Peasmarsh Parish Home Page
Parish Councils have a number of basic responsibilities in improving the lives of local communities. Their powers fall within three main categories: representing the whole electorate within the parish; delivering services to meet local needs; and striving to improve the quality of life in the parish. Some examples of these powers are the provision of local youth projects, tourism activities, leisure facilities, car parks, village greens, public lavatories, litter bins, burial grounds, allotments, bus shelters, commons, open spaces, footpaths, bridleways, and crime reduction measures. Parish Councils can also comment on planning applications – they are statutory consultees (they have to be consulted if they so wish) and can be represented at public inquiries. To meet its responsibilities Peasmarsh Parish Council works in partnership with Rother District Council and East Sussex County Council.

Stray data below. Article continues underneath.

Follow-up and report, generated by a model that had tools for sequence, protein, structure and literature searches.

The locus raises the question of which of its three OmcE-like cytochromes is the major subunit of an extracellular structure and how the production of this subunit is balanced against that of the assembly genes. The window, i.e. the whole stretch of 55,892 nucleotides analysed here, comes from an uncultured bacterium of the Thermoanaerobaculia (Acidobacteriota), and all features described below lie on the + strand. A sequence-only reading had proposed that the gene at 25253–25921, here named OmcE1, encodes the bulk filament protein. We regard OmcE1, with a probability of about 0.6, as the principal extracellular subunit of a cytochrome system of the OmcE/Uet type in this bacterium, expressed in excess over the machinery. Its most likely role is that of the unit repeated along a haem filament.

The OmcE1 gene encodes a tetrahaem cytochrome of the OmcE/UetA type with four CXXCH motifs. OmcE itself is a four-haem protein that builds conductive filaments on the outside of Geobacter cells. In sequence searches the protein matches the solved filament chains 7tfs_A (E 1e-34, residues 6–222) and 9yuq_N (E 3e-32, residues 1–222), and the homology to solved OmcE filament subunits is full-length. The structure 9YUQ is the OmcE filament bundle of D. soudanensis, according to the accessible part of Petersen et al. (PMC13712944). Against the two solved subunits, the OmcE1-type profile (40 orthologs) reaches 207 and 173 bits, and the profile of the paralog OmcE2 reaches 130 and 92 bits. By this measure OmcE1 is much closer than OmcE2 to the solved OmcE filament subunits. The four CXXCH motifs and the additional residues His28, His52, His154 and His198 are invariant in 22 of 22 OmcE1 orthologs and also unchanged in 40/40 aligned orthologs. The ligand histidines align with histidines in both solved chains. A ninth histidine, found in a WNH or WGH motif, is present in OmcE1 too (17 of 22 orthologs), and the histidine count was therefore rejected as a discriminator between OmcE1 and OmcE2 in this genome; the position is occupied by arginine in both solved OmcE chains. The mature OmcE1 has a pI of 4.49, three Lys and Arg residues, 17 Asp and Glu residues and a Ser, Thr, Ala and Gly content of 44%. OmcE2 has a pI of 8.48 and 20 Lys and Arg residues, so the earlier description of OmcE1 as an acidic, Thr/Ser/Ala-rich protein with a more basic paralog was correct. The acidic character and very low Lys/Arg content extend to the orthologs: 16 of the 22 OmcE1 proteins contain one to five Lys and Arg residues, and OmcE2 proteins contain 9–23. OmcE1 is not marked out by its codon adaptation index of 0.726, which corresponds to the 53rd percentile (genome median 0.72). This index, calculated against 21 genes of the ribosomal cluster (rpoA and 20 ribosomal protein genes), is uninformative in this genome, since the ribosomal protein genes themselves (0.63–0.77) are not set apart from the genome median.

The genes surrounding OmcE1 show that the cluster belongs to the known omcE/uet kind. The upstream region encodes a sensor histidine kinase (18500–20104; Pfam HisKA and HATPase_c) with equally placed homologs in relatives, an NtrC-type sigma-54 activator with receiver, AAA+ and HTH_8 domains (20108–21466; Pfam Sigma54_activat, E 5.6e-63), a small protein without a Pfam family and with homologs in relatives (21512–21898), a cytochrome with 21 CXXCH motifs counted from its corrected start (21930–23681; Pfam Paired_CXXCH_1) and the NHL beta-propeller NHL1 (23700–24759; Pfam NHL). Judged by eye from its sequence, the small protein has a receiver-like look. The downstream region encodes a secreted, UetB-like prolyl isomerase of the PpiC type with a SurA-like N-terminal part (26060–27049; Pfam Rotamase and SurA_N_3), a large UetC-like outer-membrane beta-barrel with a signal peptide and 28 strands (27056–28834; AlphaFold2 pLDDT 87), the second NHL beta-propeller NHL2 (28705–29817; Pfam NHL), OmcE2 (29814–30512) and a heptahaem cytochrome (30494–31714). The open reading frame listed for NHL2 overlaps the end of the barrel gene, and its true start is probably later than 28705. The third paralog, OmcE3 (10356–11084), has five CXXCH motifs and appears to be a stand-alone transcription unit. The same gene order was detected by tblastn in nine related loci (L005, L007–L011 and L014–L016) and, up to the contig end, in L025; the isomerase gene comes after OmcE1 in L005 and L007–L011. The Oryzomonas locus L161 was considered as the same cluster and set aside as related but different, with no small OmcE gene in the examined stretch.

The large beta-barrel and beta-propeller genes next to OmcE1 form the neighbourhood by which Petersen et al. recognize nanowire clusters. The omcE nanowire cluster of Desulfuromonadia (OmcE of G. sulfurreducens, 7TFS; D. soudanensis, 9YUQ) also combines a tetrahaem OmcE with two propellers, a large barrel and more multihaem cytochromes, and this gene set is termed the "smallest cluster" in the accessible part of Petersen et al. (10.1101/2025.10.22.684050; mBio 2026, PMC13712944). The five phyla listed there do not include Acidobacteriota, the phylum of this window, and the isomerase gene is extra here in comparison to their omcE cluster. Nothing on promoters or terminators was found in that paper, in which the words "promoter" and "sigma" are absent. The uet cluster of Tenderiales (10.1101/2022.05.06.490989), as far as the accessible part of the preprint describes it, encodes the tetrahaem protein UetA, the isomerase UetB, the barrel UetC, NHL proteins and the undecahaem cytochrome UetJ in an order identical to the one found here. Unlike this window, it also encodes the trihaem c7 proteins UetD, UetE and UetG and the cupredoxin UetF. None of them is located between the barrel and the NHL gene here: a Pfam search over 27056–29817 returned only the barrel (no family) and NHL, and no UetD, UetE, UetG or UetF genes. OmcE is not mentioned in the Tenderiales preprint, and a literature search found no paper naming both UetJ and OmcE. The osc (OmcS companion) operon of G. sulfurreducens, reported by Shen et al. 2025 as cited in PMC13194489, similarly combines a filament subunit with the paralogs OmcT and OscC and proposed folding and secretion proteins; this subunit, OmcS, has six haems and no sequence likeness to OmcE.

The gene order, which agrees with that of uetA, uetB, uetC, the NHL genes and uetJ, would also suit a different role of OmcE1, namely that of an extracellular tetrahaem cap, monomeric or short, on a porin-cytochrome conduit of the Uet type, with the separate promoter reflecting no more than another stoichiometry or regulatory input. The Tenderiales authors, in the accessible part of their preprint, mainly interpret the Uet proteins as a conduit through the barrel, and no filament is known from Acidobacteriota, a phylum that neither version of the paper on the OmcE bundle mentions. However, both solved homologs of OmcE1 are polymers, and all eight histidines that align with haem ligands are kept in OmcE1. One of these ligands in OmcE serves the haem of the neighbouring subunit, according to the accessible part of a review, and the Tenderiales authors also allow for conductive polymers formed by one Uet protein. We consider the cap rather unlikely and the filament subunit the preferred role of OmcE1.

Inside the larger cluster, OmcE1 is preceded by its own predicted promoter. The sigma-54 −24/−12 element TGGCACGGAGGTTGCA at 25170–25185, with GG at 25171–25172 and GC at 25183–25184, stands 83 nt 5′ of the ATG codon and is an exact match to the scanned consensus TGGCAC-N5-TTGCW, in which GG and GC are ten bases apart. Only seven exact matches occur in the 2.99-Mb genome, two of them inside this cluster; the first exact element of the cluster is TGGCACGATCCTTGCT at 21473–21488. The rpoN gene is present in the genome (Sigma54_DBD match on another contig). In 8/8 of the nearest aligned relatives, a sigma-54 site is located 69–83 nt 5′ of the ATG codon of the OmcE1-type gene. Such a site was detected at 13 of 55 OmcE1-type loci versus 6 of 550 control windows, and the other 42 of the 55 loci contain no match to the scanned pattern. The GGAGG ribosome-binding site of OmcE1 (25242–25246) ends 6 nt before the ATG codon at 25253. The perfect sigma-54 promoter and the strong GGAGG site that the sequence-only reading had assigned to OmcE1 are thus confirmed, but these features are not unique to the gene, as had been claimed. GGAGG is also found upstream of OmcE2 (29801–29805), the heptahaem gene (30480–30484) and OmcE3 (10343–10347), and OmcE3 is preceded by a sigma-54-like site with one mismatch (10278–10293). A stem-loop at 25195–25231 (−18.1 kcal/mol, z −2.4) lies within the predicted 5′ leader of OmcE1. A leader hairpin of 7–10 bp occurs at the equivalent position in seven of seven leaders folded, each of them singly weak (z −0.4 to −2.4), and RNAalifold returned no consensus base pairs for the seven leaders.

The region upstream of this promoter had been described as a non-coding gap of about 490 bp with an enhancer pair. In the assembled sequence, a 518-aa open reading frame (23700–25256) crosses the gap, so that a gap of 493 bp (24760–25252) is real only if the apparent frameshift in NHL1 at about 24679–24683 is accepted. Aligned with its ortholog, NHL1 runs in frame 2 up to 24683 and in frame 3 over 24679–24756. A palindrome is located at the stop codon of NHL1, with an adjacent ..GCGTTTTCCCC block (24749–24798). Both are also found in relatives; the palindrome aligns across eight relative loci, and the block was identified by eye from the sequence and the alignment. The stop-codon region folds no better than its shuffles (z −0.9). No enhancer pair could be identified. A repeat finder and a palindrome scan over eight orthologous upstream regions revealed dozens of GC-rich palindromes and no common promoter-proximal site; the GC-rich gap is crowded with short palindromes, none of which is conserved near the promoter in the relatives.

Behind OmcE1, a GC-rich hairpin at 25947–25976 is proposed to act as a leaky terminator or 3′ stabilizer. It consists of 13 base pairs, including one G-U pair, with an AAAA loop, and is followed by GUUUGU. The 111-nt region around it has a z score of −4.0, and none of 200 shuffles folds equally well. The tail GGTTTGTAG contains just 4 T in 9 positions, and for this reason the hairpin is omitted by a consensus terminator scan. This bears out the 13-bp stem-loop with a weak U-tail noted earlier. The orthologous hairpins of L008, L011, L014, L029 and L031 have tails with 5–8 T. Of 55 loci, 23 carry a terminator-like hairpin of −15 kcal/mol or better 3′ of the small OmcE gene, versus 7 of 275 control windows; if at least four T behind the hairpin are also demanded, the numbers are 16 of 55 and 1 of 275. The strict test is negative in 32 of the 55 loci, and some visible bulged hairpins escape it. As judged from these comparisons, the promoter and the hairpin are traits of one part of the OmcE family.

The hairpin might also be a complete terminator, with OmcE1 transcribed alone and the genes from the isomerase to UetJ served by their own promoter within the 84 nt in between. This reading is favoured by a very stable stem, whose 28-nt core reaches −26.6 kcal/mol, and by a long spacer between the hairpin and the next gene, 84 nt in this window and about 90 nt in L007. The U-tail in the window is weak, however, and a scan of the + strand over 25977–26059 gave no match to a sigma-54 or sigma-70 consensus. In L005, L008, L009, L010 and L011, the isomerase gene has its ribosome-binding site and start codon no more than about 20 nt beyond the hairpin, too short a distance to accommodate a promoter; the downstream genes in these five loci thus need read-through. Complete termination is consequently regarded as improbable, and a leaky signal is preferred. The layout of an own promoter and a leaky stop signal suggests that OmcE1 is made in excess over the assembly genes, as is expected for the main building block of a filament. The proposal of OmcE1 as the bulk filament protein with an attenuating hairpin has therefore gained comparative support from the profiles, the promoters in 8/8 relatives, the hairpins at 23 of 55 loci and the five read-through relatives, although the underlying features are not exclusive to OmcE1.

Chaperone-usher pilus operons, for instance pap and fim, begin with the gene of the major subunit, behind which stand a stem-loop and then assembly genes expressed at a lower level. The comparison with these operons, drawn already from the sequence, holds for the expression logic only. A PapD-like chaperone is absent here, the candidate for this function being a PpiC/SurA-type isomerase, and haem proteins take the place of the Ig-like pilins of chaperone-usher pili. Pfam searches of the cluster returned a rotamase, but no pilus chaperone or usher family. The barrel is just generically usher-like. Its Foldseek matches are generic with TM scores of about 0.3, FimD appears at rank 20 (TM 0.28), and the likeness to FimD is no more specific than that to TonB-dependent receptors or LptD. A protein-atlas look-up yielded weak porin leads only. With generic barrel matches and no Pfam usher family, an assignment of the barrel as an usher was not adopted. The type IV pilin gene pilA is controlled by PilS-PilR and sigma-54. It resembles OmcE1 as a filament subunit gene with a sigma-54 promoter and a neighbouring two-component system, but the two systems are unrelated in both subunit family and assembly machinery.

We have 9 councillors who are elected every 4 years. Councillors are unpaid but have the services of a part-time (8 hours per week) paid Clerk to the Council. The Council meets in public in the Memorial Hall, at 7.30pm usually on the 1st Tuesday of every month. A period is set aside near the start of each meeting, so that parishioners can comment or ask questions about any item on the agenda. There is also a Parish Assembly in April or May for all residents to attend and at which we present a summary of the Council’s activities throughout the year. District and County Councillors usually attend all of these meetings and report on the activities of their respective Councils. Notice of meetings is displayed on the parish notice boards four days before the meeting and minutes of the meetings are published on this website.
The Council has the powers to raise income by means of a precept levied on households in the parish and this is collected together with Council Tax by Rother District Council. In addition they may apply for other funding such as grants but they do not receive any funding from central government. The Council precept and expenditure is monitored annually by independent auditors.